United Nations hails Philippines’ protection of migrant workers

Philippines—While the sob stories usually make the headlines, the country's efforts to help thousands of overseas Filipinos, especially those caught in wars and calamities, have not gone unnoticed in the United Nations.

A UN executive speaking at a recent conference in Geneva has commended the Philippines for its exemplary efforts to protect its nationals caught in international crisis situations, according to the Department of Foreign Affairs (DFA).

Peter Sutherland, the special representative of the UN secretary general for international migration and development, "specifically mentioned the Philippines as rising to the challenge by setting up a system to protect and engage its migrants," the DFA said.

Sutherland made the remarks at the Global Forum on Migration and Development (GFMD) held in the Swiss city earlier this month, where he said the forum participants "could learn from the Philippines' initiatives and good practices," the foreign office added.

The Philippines drew praise for its repatriation efforts in troubled countries like Libya, Yemen and Syria, among others, DFA spokesperson Raul Hernandez told the Inquirer on Saturday.

"He (Sutherland) probably saw that we're proactive in protecting our people by taking them out of harm's way," Hernandez said.

In the forum, the UN official also drew attention to the plight of domestic workers, particularly the so-called "kafala" or sponsorship system which he said "constituted a modern form of slavery," the DFA said.

More fleeing Syria

Hernandez said another batch of at least 51 Filipinos from Syria will be repatriated in the next few days. The last group that arrived in Manila over a week ago totaled 55, bringing the current number of Filipino repatriates to 240 since political violence escalated in the Arab state earlier this year.

"Our embassy in Damascus continues to negotiate for the release of the workers from their employers or agencies," Hernandez said, adding that securing airline seats for the next batch had been difficult of late because of the peak Christmas season.

The year 2011 has been one of the busiest for the DFA in terms of evacuating Filipinos from strife-torn regions, starting with those fleeing Egypt in February, at the height of street protests against the regime of then President Hosni Mubarak.

From that same month to March, the repatriation efforts shifted to Libya, with no less than Foreign Secretary Albert del Rosario personally leading one of the missions across the Sahara desert to fetch compatriots fleeing the fighting between rebels and government forces under dictator Moammar Gadhafi.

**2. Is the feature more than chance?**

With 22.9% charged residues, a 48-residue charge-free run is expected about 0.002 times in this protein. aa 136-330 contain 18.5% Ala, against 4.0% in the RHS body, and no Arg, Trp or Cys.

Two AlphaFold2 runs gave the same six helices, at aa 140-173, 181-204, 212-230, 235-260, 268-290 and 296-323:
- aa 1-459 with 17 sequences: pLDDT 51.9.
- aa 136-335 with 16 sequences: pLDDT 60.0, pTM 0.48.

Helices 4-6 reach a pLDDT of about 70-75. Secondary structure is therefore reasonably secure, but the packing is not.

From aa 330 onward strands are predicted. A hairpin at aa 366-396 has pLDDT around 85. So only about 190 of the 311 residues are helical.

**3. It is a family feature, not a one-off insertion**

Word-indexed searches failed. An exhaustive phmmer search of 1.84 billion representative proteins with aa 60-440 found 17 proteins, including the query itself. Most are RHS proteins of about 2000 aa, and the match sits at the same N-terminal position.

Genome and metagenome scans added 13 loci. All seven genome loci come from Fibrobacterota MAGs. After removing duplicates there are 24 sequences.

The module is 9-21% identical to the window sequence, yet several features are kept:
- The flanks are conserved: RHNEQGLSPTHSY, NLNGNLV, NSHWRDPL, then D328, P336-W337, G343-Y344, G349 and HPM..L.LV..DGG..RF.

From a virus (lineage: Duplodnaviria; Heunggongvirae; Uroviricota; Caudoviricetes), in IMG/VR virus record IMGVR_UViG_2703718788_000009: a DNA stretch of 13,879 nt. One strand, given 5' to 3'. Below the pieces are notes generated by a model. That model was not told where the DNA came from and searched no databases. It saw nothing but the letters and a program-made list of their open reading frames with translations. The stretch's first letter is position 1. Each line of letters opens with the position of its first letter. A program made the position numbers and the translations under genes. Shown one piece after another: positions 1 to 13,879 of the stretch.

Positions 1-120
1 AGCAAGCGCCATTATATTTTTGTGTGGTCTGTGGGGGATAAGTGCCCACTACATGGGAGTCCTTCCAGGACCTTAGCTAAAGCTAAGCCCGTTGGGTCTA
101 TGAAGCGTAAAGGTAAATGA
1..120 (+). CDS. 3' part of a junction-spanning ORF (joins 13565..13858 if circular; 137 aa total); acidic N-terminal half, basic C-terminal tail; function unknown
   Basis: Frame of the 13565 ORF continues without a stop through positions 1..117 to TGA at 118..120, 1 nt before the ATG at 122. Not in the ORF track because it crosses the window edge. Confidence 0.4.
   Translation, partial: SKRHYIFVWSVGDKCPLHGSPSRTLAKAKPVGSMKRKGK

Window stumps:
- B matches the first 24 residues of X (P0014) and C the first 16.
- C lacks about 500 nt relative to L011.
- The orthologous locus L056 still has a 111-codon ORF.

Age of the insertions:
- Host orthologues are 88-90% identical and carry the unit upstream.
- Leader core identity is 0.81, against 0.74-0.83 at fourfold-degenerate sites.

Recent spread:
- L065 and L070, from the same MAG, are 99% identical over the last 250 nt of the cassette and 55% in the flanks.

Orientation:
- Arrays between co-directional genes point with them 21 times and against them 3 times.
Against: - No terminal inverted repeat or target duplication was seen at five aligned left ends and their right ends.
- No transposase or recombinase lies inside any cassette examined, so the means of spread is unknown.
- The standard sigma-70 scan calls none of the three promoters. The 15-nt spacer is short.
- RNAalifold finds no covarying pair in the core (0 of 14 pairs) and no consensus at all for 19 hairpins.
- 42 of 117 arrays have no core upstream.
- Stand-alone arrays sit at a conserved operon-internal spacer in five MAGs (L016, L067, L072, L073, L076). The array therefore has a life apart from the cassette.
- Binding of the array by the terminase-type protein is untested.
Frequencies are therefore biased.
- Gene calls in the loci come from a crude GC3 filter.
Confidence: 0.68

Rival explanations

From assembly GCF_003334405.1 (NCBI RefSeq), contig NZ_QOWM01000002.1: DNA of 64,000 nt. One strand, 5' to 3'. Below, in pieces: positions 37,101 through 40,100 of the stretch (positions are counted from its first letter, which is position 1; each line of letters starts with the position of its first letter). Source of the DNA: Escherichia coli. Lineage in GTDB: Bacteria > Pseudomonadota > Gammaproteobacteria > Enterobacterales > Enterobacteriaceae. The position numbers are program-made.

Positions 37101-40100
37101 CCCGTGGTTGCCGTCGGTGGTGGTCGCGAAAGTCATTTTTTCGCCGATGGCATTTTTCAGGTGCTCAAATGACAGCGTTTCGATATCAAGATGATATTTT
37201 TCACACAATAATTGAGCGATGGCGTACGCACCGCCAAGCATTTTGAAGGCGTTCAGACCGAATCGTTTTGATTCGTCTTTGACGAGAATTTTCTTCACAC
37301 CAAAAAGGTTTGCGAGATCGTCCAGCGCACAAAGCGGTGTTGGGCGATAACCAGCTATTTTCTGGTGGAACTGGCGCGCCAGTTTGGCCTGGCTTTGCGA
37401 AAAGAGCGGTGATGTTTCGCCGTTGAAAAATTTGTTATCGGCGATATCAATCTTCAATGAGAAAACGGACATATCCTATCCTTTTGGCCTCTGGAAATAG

The turmoil in Yemen also prompted Del Rosario to go there in March to assess the situation and offer voluntary repatriation to the less than 1,500 registered migrant Filipinos working in that country.

Review of 'unsafe' countries

Apart from the repatriation efforts, the DFA is currently conducting a review of the 41 countries earlier considered unsafe for overseas Filipino workers (OFWs) and could be covered by a labor deployment ban.

"At present, we have asked a review of the present status of each of the 41 countries to determine if they have already acceded or enacted laws that would protect our migrant workers," Hernandez said in an earlier interview.

The DFA proceeded with the review after asking the Philippine Overseas Employment Administration (POEA) to defer the ban for three months.

"We will use the deferment period to revisit the 41 countries with the view of moving forward toward compliance with the amended Migrant Workers Act (Republic Act No. 10022)," which forbids the deployment of OFWs to countries certified as not protective of migrant workers, Hernandez said.

"We will submit new certifications after 90 days, taking into account results of DFA's dialogue with countries concerned and new developments in those countries with respect to the protection of migrant workers," Hernandez said.

9M in 200 countries

More than 1.4 million Filipino workers were deployed overseas last year, according to the POEA. Of this number, 1.1 million were land-based, while around 350,000 were sea-based workers.

For land-based OFWs, the top destinations were Saudi Arabia (293,049), United Arab Emirates (201,214), Hong Kong (101,340), Qatar (87,813) and Singapore (70,251).

Among the newly hired overseas Filipino workers deployed last year, the top occupational categories included household service workers (96,583), cleaners and related workers (12,133), nurses (12,082), caregivers and caretakers (9,293), and waiters, bartenders and related workers (8,789).

According to the latest estimates by the Commission on Filipinos Overseas, some 9 million Filipinos are in more than 200 countries around the world as of December 2009. With a report from Inquirer Research

Sources: Commission on Filipinos Overseas, POEA

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